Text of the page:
If the engine starts (diesels usually start immediately, on the first or second revolution), I wouldn't worry about it, but I'd still carry a couple of spare filters.
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Rfg4retir

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Re: Diesel algae
« Reply #12 on: October 29, 2017, 06:23:34 PM »
Copy that !

Tom

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Re: Diesel algae
« Reply #13 on: October 29, 2017, 06:26:52 PM »
I'd be a little concerned (not paranoid) about moisture in the fuel if it's been stored with a partially-full fuel tank. But, the "water separator" feature of the Racor filter will remove moisture/water. Just learn how to drain it from the bottom of the filter (you'll need a container to catch the water & fuel as you drain it).

Storing with a full fuel tank minimizes the possibility of moisture in the tank.
« Last Edit: October 29, 2017, 06:28:46 PM by Tom »
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Rfg4retir

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Re: Diesel algae
« Reply #14 on: October 29, 2017, 06:29:02 PM »
Agree,but I doubt it's full

Gary RV_Wizard

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Re: Diesel algae
« Reply #15 on: October 29, 2017, 06:30:44 PM »
Good advice from others. Here in Florida, with its warm & humid climate, algae is more of a problem than, say, in the southwest desert or higher & drier mountain areas.

Whether you have reason to suspect algae or not, always carry spare primary filters. Changing the fuel filter is the first thing to do for any diesel performance issue, including a no-start.
Gary
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Gary Brinck
Summers: Black Mountain, NC
Home: Ocala National Forest, FL

Boonieman

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Re: Diesel algae
« Reply #16 on: October 29, 2017, 06:59:01 PM »
If you test run it, make sure you do it under load. My tractor would start fine but the fuel line was partially restricted and the issue showed up when the engine tried to pull more fuel than the partially plugged line would allow. It was a particularly frustration troubleshooting problem. Just didnít want you to fire it up and let it idle and call it good. 😄
2016 Chevrolet Dually/Duramax
2011 Fuzion 322
2016 Harley Trike
3 cherished dogs, Moo, Molly, Mia the one eyed pup 😊
Originally from South Dakota, reside in Kentucky

Tom

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Re: Diesel algae
« Reply #17 on: October 29, 2017, 07:00:22 PM »
Good advice Boonieman; I can understand how that could happen.
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Rfg4retir

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Re: Diesel algae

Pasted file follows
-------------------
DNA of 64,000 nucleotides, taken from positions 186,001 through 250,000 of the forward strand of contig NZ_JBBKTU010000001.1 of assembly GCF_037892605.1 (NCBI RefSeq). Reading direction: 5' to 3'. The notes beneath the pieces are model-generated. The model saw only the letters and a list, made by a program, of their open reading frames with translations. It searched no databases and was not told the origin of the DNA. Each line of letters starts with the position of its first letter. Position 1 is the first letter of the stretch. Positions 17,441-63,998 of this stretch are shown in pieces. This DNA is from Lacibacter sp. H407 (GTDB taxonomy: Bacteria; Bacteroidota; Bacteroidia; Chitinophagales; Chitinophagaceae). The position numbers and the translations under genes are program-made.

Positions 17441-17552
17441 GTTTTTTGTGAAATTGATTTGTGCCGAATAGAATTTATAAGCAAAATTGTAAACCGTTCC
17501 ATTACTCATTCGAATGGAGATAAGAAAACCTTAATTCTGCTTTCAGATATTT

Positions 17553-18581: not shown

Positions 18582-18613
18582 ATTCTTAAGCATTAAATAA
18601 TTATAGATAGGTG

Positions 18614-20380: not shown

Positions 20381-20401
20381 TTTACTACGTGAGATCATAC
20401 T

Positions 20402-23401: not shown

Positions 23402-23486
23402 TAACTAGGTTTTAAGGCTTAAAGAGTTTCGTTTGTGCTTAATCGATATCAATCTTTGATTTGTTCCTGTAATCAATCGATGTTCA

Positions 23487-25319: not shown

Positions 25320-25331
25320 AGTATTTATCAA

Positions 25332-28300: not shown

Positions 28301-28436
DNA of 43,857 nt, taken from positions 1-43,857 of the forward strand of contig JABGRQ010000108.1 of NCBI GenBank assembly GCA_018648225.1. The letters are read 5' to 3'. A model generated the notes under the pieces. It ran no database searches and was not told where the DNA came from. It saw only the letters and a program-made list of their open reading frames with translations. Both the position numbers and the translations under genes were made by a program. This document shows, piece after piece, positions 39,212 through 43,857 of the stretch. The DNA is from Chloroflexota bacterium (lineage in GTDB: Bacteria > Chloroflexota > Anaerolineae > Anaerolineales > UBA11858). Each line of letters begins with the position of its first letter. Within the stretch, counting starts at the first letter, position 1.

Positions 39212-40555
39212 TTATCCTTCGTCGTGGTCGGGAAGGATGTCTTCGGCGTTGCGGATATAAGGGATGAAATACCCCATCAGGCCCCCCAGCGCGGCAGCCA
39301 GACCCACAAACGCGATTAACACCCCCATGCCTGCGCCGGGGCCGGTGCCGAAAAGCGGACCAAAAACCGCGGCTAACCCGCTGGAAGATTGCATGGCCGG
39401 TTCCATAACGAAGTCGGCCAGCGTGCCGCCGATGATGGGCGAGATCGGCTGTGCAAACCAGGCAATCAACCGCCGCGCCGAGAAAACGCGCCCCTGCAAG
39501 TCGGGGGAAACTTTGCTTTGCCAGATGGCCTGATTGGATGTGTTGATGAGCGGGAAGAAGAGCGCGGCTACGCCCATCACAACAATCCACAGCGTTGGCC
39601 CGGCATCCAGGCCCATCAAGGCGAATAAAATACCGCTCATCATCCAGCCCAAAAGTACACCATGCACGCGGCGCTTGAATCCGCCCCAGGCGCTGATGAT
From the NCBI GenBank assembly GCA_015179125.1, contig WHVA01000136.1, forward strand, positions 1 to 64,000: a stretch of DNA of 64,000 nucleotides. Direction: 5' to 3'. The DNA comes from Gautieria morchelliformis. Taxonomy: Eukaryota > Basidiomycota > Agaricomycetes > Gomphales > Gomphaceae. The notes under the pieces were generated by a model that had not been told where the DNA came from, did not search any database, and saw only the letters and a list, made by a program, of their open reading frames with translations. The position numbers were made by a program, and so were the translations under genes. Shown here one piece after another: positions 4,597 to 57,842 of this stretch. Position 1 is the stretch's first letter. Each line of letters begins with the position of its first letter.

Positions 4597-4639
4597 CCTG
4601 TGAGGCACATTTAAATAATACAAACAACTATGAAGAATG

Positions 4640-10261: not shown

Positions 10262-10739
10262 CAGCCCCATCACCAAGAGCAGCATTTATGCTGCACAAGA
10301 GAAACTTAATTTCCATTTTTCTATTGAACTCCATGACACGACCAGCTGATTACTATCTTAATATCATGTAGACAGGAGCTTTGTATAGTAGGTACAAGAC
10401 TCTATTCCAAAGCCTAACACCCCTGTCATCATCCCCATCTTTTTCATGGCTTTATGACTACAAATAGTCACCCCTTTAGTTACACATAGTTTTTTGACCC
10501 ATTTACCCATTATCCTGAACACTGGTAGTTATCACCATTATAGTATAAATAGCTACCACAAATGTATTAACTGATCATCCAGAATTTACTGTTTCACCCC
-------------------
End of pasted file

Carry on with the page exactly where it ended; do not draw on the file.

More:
« Reply #18 on: October 29, 2017, 07:03:55 PM »
Ok thx Boonieman

Jim Johnson

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Re: Diesel algae
« Reply #19 on: October 29, 2017, 08:36:54 PM »
I had an algae problem on my summer/fall trip.  Coach was stored in Alabama for several months.  By the time I was on the NY Turnpike it started showing up.  In southern NH had the primary filter changed and have driven 2000 miles since then with no further problem.  I will change filers before I leave again.  I have heard of it taking 3-4 filter changes to get all the crud out but I have been lucky.  Mechanics I talked to said it is a greater problem with the bio-diesel fuel. 
Jim

Jim & Tarry Johnson

Rfg4retir

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Re: Diesel algae
« Reply #20 on: October 29, 2017, 08:46:17 PM »
Ah ha ok , no French fry fuel for me!

Gary RV_Wizard

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Re: Diesel algae
« Reply #21 on: October 30, 2017, 08:28:08 AM »
Quote
Mechanics I talked to said it is a greater problem with the bio-diesel fuel. 

They love to say that, but it is mostly a myth.   :)   Commercially available biodiesel at the pump, i.e. the B10 or B20 that comes from a major refinery, is clean and reliable. They don't use old french fry oil or lard at the refinery!  Sure, there is an increased algae risk if you just filtered old vegetable oils and ran B80 or B100, but for practical purposes the commercially refined stuff is no more likley to get algae than pure petroleum.

Algae grows more easily as the moisture content of the fuel increases. That can happen in your tank, or in the tank at the fuel station. The primary factor in algae growth is moisture content, not the presence of biologics in the fuel blend.
Gary
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Gary Brinck
Summers: Black Mountain, NC
Home: Ocala National Forest, FL

OBX

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Re: Diesel algae
« Reply #22 on: October 30, 2017, 01:11:38 PM »
Would the same issue occur with home heating oil if it was stored for a long time?

Rfg4retir

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Re: Diesel algae
« Reply #23 on: October 30, 2017, 01:49:59 PM »
Good question I guess it depends on weather its stored inside or outside and if it is less than full or not

OBX

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Re: Diesel algae
« Reply #24 on: October 30, 2017, 02:07:01 PM »
I've thought about adding a second tank for back up.  It wouldn't be used for months at a minimum because the first tank lasts about a month or more in the winter.  Diesel and heating oil are pretty much the same I believe except for a coloring agent.

Rfg4retir

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Re: Diesel algae
« Reply #25 on: October 30, 2017, 04:47:03 PM »
I would consult your oil provider if I were you